Science Has A Thomas Jefferson Problem…

Early in the day yesterday I had two very interesting interactions with two older women that made an impression on me. The first was a woman who has been teaching, but never pursued a research or tenure track career. She remarked to me about how “..if she had it all to do over again..” but she came “..from a time when a career in nursing or teaching or administration was expected.” The other visit was from a tenure track woman who came by to gush about how happy she was that I had come and how she felt a responsibility to make sure I get tenure at my new MRU.  Both experiences were humbling.

Then last night I, like many, read Hope Jahren’s piece in the New York Times about her assault while scoping out a site to do field work.  My heart breaks for her and for anyone that suffers that sort of trauma.  It’s a damned tragedy and I wish her nothing but all thee healing and support that she needs. It saddens me that these types of events can dictate and redirect the way a woman pursues her scientific interests

But, in the piece she makes reference to a recent study from Kate Clancy’s group documenting the incidence of sexual harassment and assault in scientists doing field work.  It’s people’s reactions to this that have made me salty as fuck.

My fellow tweeps, people that have been reading the science feminist internet for as long as I have been around (aka, a long time) describe her story as “eye opening” and “stunning” and “shocking”.  In my eyes, the results of Clancy’s study are completely and entirely predictable.  and I can only hope that having actual data to present to people in positions of authority will empower the SAFE movement as they work to make changes to how women are treated in science.

Still, this doesn’t change the fact that the notion that “Science Has a Sexual Assault Problem” makes me salty. Life has a sexual assault problem.  26% of women scientists are assaulted in the field, but about that many women in general report sexual assault. A large portion of the attacks against scientists are perpetrated by someone the victim knew, but many women in general know their attackers. So, at the crux of the stunning and shocking and eye opening is something that I find more insidious – it is the belief that science is somehow different than society at large.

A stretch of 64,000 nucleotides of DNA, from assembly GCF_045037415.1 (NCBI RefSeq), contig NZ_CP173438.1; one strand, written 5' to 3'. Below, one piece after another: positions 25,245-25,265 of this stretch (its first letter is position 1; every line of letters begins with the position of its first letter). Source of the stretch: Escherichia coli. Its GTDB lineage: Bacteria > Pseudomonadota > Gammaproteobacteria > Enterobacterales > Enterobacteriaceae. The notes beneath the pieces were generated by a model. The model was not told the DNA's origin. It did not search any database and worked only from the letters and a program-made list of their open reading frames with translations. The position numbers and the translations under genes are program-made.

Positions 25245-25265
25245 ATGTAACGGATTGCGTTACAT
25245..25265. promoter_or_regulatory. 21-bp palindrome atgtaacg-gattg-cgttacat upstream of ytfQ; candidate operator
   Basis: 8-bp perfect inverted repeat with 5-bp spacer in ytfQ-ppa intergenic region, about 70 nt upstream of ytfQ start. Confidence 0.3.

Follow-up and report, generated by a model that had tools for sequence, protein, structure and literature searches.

After all, surely rape and assault and violence are acts committed by poor people, and brown folks, NFL players and the occasional misguided frat boy. Certainly our logical, skeptical, professional and enlightened scientific brethren aren’t capable of the type of violence that Hope describes. Surely, tenured white women aren’t at risk for that type of violence. If Hope’s story shocked you, or you found Kate’s study shocking, where the fuck have you been? I will cosign the notion that we should strive to create a place where people are mutually respected and protected and cared for, but it you’re surprised by any of this, it’s worth reevaluating your preconceived notions about who can be a rapist and who can be a victim. If you’re shocked, I’m willing to wage money that your preconceived notions are fucked.

How many of these stories do we need to hear to stop being shocked?

The only portion of Hope’s essay that I take exception with is her statement about young women that “[t]hey need to know that daring to act upon their dreams of science can be both a beautiful and a dangerous thing.” Choosing to do anything in the context of having a vagina can be both beautiful and dangerous.  Choosing to sit around and eat Cheetos can be dangerous. Hope describes how she did “everything right” by covering her head and averting her eyes and she was still a victim, but there is nothing a victim does that makes her any more or less a target. The issue is with them men that perpetrate these crimes. Being a woman is the single greatest risk factor for experiencing all the horrible shit that happens to women.

What we need to do is knock down the narrative that academia is an enlightened, safe place that is somehow immune from the discrimination and prejudices that afflict the rest of society.

Additional Pro-Tips for a Thursday Afternoon

If you’re a new scientist writing a career grant and you write that you are going to learn a technique by coming and studying in my laboratory…